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Thomson Reuters 'off to solid start' despite lower-than-expected revenue

Thomson Reuters reported lower-than-expected first-quarter revenue, hurt by currency fluctuations. Revenue increased one per cent to $2.79 billion from a year earlier before factoring in currency changes. After currency changes, it fell one per cent.

Analysts on average were expecting $2.81 billion. Sales to financial customers were up in the quarter.

Net income from continuing operations fell to $210 million from $280 million.

The Financial & Risk business, which provides news and analytics to financial services companies, generated revenue of $1.51 billion, or about half of the company's total sales. Sales outpaced cancellations for the eighth straight quarter.

Reuters News revenues were $75 million, up $1 million from the prior-year period.

“The year is off to a solid start,” said James Smith, president and chief executive officer. “Today’s results are in line with our expectations and it is encouraging to see the continued positive trajectory of our business, despite a somewhat volatile and challenging period in external markets during the first quarter.”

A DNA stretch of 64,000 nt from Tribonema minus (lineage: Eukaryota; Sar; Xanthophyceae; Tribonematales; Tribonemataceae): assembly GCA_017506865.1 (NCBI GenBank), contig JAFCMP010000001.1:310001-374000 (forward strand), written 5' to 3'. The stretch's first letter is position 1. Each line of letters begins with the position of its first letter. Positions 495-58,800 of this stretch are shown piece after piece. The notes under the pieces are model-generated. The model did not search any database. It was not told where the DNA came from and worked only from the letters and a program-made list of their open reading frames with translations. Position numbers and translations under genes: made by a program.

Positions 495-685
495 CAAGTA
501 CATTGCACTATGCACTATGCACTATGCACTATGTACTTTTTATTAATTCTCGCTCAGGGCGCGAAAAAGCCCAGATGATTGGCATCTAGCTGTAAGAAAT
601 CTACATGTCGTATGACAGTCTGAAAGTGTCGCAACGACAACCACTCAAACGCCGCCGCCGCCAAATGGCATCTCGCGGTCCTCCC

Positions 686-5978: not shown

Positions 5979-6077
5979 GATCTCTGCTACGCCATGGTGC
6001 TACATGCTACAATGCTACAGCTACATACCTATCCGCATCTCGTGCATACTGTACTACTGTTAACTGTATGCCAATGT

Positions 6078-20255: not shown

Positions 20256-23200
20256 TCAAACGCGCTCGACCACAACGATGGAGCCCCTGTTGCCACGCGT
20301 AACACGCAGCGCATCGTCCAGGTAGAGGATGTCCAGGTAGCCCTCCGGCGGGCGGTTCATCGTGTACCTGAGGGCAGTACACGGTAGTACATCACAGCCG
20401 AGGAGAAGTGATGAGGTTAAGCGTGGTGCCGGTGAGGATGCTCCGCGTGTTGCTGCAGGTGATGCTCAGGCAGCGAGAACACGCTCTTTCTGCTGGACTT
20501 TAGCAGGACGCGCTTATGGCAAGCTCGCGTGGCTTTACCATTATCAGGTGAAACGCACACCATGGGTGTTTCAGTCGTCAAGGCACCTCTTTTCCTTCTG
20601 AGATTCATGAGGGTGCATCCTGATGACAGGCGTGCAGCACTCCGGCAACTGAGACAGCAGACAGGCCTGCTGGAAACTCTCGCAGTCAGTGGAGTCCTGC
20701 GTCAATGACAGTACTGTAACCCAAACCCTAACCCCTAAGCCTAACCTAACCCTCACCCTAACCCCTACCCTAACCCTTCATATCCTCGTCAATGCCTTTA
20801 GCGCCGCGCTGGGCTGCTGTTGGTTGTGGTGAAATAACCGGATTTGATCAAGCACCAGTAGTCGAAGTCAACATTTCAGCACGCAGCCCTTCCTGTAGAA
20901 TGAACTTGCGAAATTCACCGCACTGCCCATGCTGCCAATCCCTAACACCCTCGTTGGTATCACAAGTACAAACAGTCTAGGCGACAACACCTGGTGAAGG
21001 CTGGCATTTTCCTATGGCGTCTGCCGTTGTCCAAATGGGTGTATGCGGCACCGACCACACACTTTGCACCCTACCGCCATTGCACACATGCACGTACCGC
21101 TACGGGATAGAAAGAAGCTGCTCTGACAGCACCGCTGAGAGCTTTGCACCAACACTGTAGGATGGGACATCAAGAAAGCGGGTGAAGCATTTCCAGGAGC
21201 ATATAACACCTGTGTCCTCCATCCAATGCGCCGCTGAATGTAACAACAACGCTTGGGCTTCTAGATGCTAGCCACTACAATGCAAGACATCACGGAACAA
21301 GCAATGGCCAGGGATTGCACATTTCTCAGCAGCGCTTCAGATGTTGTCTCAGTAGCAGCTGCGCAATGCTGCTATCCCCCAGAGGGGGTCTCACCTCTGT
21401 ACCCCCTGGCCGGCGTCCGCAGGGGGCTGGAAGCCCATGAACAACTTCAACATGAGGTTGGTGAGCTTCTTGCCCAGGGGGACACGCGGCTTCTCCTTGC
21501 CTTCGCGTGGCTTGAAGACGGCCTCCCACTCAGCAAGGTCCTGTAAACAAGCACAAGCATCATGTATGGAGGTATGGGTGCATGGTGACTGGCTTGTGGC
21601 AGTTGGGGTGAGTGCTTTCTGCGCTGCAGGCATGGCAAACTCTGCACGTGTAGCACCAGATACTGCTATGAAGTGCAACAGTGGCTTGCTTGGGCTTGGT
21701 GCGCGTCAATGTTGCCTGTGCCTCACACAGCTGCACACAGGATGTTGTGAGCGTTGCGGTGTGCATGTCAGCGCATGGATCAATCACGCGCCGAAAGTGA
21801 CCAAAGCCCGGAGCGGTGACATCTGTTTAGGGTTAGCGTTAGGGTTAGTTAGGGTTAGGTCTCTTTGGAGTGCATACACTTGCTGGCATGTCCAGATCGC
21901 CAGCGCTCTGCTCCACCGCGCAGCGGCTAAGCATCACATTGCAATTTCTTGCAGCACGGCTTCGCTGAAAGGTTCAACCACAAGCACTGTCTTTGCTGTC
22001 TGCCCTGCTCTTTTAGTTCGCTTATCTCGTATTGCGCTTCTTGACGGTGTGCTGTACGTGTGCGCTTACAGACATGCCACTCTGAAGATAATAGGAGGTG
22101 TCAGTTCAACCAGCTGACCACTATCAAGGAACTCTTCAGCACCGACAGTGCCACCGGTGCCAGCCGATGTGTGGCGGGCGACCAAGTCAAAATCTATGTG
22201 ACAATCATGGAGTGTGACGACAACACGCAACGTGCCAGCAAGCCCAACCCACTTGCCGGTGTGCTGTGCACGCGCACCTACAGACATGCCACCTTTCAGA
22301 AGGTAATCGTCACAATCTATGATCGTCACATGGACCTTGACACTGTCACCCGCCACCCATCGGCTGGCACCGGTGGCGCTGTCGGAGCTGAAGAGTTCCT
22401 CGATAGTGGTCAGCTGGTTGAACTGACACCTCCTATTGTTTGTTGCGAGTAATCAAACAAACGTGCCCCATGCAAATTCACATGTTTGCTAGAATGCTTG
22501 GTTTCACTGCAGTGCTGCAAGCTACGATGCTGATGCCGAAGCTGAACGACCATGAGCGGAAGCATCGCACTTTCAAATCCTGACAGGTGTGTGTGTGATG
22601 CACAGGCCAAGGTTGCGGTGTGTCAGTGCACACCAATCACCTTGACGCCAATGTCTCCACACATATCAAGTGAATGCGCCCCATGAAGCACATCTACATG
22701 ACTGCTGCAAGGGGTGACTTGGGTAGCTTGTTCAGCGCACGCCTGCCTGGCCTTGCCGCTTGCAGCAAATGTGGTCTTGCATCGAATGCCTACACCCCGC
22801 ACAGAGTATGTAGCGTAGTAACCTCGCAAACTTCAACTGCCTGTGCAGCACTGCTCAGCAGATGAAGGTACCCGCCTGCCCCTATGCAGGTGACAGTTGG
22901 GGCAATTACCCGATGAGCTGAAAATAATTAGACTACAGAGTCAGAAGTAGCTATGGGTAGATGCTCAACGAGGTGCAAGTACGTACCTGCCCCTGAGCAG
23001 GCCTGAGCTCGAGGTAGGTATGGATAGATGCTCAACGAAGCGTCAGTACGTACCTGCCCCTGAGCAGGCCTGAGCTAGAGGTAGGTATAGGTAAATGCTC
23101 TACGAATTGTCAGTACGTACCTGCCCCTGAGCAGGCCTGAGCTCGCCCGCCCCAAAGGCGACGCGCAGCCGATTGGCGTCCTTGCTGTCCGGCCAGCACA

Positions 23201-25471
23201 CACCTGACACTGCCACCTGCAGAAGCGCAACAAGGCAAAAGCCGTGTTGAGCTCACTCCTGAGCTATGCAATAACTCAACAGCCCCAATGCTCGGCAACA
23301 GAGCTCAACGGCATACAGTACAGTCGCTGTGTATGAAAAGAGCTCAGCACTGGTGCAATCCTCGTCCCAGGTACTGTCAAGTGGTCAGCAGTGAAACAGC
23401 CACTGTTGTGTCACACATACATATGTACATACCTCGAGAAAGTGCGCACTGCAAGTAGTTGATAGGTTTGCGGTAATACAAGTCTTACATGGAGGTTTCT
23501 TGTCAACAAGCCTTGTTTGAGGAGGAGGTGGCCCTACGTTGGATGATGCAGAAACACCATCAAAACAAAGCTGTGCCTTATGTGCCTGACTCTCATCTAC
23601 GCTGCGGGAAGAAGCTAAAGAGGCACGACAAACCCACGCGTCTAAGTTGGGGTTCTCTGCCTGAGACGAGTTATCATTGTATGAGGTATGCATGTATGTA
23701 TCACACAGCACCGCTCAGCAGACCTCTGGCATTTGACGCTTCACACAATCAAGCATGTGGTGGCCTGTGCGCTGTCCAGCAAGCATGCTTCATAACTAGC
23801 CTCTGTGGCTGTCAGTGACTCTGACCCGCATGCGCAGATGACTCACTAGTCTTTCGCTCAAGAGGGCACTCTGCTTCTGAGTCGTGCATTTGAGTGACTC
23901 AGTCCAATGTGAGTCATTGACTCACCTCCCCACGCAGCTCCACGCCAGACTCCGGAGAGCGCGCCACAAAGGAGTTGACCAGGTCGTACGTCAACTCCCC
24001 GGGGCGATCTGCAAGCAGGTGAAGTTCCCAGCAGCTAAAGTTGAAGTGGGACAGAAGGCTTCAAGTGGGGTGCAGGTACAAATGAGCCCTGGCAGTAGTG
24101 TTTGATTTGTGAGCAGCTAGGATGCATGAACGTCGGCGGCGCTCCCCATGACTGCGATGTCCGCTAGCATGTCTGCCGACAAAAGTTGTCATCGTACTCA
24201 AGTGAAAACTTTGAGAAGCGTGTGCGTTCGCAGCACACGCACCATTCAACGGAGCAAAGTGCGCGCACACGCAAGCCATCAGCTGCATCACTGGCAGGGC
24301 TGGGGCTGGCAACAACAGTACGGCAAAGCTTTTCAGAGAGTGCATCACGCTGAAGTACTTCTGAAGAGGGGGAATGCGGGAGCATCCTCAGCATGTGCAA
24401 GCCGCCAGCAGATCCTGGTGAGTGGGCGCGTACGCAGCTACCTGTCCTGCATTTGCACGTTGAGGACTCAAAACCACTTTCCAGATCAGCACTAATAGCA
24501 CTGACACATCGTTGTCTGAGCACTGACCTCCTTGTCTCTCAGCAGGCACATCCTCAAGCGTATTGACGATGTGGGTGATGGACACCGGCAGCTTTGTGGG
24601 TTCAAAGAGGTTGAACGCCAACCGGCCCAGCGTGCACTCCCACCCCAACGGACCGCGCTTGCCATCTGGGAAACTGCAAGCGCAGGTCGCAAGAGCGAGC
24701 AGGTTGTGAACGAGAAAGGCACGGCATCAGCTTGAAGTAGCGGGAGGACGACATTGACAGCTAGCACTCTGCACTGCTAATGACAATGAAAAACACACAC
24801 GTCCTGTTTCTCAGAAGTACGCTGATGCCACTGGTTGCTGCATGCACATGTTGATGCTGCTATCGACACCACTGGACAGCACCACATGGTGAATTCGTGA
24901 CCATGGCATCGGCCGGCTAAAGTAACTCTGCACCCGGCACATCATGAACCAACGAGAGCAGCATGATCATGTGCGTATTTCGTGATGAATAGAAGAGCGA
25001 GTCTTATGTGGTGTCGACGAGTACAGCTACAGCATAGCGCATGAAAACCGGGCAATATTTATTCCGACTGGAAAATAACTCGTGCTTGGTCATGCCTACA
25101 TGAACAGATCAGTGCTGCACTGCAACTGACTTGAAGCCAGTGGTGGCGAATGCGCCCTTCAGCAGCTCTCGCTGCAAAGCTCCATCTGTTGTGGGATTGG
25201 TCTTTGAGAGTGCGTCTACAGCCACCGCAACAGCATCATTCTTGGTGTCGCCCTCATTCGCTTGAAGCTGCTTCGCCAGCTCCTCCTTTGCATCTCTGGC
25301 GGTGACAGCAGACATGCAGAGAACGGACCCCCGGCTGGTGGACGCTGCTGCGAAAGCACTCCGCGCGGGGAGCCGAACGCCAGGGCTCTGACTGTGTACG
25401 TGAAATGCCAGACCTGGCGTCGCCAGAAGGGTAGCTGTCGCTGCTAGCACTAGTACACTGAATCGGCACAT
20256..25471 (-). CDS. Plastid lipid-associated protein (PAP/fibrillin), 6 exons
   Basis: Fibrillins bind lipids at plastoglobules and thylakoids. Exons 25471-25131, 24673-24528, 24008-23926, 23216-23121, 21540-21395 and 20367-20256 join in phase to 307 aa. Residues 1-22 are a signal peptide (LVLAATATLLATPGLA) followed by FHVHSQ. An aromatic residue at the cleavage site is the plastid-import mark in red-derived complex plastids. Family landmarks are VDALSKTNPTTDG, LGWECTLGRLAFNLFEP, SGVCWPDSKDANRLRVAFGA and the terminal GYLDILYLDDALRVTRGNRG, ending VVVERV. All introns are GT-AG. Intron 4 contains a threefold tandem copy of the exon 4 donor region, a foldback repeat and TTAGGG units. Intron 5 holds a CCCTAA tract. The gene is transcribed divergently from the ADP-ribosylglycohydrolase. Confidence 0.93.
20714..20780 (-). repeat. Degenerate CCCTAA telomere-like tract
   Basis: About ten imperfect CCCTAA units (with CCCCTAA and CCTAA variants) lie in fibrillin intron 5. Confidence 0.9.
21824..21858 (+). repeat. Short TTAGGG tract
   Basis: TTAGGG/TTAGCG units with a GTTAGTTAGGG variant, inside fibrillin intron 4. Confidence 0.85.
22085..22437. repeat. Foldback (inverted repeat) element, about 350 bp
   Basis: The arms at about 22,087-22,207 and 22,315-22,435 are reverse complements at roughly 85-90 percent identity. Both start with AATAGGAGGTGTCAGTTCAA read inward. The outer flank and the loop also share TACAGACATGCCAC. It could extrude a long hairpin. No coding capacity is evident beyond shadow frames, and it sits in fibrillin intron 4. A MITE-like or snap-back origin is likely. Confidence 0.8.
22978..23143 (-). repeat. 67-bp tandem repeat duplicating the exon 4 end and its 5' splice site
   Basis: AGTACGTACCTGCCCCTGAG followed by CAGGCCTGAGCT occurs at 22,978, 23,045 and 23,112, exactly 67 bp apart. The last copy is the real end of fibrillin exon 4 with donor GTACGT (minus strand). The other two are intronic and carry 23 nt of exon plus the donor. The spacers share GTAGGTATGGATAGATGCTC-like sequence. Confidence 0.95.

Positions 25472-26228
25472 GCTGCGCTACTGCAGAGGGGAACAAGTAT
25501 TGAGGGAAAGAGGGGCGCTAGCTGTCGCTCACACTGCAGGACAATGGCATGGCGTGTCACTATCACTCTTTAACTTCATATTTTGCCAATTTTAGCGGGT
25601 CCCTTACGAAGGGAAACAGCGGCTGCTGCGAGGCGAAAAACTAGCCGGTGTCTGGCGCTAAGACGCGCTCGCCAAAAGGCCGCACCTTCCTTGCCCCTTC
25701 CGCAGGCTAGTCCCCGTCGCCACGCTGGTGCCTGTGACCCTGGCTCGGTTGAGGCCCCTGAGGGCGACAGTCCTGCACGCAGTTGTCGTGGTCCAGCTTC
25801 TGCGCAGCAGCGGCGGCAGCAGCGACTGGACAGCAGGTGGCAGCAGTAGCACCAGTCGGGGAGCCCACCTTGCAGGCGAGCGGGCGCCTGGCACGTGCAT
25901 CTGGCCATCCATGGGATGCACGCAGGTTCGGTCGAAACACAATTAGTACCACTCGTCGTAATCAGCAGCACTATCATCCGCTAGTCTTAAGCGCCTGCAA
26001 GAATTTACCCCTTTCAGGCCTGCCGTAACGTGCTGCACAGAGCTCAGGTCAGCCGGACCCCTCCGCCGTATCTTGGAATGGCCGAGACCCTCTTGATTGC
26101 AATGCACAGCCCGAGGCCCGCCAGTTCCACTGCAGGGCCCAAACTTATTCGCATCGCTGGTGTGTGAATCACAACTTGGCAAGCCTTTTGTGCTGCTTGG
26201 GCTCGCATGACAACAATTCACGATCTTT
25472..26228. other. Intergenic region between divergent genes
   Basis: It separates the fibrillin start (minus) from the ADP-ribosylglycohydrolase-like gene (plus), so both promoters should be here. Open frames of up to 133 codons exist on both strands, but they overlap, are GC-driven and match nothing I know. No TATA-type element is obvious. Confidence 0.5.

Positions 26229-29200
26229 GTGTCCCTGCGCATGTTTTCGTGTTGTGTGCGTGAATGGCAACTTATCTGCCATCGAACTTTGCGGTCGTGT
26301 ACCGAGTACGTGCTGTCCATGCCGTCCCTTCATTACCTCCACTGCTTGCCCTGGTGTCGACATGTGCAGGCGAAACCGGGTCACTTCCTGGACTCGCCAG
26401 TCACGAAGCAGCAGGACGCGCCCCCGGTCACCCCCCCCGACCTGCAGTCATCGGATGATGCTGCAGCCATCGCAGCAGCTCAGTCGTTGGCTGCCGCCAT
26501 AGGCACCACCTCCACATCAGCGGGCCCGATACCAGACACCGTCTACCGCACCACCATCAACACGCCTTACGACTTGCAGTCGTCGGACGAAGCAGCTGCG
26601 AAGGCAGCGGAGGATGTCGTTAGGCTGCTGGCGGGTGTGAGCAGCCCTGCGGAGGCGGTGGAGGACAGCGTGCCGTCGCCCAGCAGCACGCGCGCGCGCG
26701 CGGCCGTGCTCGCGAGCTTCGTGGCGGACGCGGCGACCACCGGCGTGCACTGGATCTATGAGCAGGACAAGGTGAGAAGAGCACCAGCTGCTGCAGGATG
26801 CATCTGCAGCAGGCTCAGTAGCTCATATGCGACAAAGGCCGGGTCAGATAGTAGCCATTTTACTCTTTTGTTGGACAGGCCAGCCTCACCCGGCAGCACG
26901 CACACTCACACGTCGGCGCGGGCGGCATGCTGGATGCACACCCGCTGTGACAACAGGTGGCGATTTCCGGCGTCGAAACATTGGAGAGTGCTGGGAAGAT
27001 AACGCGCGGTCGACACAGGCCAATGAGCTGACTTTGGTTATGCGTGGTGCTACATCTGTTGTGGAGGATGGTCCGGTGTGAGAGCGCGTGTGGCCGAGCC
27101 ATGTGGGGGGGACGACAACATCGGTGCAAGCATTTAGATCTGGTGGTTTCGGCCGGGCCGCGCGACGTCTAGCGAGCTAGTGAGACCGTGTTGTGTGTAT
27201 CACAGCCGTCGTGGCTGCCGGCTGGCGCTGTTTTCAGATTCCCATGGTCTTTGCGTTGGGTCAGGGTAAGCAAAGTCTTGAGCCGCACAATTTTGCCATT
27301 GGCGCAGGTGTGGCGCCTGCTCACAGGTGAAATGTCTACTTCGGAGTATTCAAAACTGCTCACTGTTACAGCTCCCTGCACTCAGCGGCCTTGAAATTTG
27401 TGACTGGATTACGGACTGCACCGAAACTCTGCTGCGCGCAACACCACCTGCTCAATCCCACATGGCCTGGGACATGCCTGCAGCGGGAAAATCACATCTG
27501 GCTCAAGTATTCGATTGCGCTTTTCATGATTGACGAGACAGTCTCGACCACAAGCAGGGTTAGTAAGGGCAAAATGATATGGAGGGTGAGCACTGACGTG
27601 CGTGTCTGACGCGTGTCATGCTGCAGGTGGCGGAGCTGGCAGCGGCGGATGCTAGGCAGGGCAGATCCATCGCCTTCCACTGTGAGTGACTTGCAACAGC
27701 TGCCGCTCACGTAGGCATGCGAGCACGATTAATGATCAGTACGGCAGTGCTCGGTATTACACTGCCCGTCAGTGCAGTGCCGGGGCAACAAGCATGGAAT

The company re-affirmed its 2016 full-year outlook. It expects low single-digit revenue growth of two to three per cent excluding Financial & Risk's recoveries revenues, which are low margin and are expected to decline as partners move to direct billing with their customers.

In February, the board of directors approved a $0.02 per share annualised increase in the dividend to $1.36 per common share. A quarterly dividend of $0.34 per share is payable on 15 June to common shareholders of record as of 19 May.

In the first quarter the company repurchased approximately 11.7 million shares at a cost of about $432 million. Approximately $260 million of these repurchases were part of a $1.5 billion buyback programme announced in February.

The biggest shareholder in Thomson Reuters is Woodbridge, the investment company of chairman David Thomson’s family, which owns a majority tranche of 452 million shares. ■